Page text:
Because Cheetah's core is flexible, there are many ways to integrate it with
Webware servlets. There are two broad strategies: the Inheritance
approach and the Containment approach. The difference is
that in the Inheritance approach, your template object
servlet, whereas in the Containment approach, the servlet is not a template but
merely uses template(s) for portion(s) of its work.
The Inheritance approach is recommended for new sites because it's simpler, and because it scales well for large sites with a site->section->subsection->servlet hierarchy. The Containment approach is better for existing servlets that you don't want to restructure. For instance, you can use the Containment approach to embed a discussion-forum table at the bottom of a web page.
However, most people who use Cheetah extensively seem to prefer the Inheritance approach because even the most analytical servlet needs to produce some output, and it has to fit the site's look and feel anyway, so you may as well use a template-servlet as the place to put the output. Especially since it's so easy to add a template-servlet to a site once the framework is established. So we recommend you at least evaluate the effort that would be required to convert your site framework to template superclasses as described below, vs the greater flexibility and manageability it might give the site over the long term. You don't necessarily have to convert all your existing servlets right away: just build common site templates that are visually and behaviorally compatible with your specification, and use them for new servlets. Existing servlets can be converted later, if at all.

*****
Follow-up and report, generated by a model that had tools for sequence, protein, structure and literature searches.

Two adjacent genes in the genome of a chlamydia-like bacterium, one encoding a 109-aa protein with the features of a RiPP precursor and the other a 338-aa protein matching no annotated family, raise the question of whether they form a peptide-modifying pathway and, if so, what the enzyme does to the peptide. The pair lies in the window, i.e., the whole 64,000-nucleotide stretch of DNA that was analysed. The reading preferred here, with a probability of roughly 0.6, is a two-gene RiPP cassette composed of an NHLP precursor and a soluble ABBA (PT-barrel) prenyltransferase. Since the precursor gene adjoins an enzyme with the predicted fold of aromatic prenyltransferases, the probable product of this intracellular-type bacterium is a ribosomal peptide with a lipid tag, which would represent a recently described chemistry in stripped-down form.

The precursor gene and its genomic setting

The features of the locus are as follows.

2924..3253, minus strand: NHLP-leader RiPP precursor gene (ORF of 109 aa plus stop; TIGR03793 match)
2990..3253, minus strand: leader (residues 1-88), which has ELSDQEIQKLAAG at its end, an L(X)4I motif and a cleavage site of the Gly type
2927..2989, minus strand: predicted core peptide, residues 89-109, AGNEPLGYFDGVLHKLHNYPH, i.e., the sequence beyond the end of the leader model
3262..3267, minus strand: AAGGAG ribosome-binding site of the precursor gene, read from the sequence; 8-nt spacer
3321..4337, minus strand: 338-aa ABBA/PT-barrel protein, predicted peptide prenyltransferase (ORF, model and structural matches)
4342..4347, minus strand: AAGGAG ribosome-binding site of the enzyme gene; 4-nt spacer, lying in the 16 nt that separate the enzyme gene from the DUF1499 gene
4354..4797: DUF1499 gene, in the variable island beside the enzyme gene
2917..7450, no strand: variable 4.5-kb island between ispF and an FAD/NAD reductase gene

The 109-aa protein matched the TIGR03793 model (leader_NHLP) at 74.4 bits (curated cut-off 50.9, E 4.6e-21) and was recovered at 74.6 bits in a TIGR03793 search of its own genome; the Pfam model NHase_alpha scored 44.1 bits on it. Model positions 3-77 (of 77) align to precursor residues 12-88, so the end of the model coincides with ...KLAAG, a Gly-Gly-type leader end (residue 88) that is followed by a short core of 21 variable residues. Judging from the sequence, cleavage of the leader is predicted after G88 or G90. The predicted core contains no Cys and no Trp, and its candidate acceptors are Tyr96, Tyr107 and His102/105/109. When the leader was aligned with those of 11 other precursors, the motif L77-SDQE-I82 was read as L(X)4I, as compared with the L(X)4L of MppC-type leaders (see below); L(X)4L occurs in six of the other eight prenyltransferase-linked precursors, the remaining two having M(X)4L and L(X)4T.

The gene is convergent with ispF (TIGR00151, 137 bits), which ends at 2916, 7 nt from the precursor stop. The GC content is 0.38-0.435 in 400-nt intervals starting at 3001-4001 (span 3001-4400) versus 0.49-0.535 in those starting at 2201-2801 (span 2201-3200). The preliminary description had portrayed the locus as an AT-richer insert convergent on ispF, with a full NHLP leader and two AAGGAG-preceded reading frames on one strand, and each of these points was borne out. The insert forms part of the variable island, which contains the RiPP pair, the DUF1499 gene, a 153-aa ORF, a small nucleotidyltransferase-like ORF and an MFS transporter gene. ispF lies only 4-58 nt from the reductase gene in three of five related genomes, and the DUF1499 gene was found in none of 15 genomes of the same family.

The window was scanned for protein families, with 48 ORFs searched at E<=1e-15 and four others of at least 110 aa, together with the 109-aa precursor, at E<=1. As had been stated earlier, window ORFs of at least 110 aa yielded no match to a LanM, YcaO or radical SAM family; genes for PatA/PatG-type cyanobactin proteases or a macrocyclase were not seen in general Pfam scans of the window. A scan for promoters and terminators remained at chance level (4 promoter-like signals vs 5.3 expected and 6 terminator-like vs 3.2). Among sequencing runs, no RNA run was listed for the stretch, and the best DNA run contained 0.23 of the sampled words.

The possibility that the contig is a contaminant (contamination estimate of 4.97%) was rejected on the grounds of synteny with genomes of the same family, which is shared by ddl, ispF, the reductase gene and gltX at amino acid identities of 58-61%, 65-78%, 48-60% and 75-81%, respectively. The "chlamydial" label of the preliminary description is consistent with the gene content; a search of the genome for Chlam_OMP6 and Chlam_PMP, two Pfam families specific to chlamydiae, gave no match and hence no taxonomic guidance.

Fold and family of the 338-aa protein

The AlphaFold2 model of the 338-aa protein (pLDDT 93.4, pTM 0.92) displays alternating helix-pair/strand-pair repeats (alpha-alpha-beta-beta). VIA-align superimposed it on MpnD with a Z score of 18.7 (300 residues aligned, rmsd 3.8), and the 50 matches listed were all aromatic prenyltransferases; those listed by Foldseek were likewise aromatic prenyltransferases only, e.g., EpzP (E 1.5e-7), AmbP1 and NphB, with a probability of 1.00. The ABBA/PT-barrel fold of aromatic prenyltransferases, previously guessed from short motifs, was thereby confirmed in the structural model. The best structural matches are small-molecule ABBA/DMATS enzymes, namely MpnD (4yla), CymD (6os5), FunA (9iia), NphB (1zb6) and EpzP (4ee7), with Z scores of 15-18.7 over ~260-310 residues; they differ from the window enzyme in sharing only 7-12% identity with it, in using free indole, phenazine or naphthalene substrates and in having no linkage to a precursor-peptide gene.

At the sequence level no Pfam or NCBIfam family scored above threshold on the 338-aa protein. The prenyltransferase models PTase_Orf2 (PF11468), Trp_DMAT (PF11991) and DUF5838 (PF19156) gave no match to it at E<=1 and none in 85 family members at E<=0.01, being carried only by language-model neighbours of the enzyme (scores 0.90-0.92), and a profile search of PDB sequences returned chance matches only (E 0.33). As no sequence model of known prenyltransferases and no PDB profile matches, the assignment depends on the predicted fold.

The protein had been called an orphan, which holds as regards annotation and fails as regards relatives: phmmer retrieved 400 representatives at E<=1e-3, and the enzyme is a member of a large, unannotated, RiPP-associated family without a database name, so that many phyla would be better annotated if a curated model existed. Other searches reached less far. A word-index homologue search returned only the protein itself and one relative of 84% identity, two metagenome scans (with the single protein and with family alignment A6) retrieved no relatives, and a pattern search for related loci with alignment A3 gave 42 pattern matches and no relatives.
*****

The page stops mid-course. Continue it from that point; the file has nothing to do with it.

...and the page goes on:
Edmund Liam is preparing a section on a hybrid approach, in which the
servlet is not a template, but still calls template(s) in an inheritance
chain to produce the output. The advantage of this approach is that you
aren't dealing with
Template methods and Webware methods in the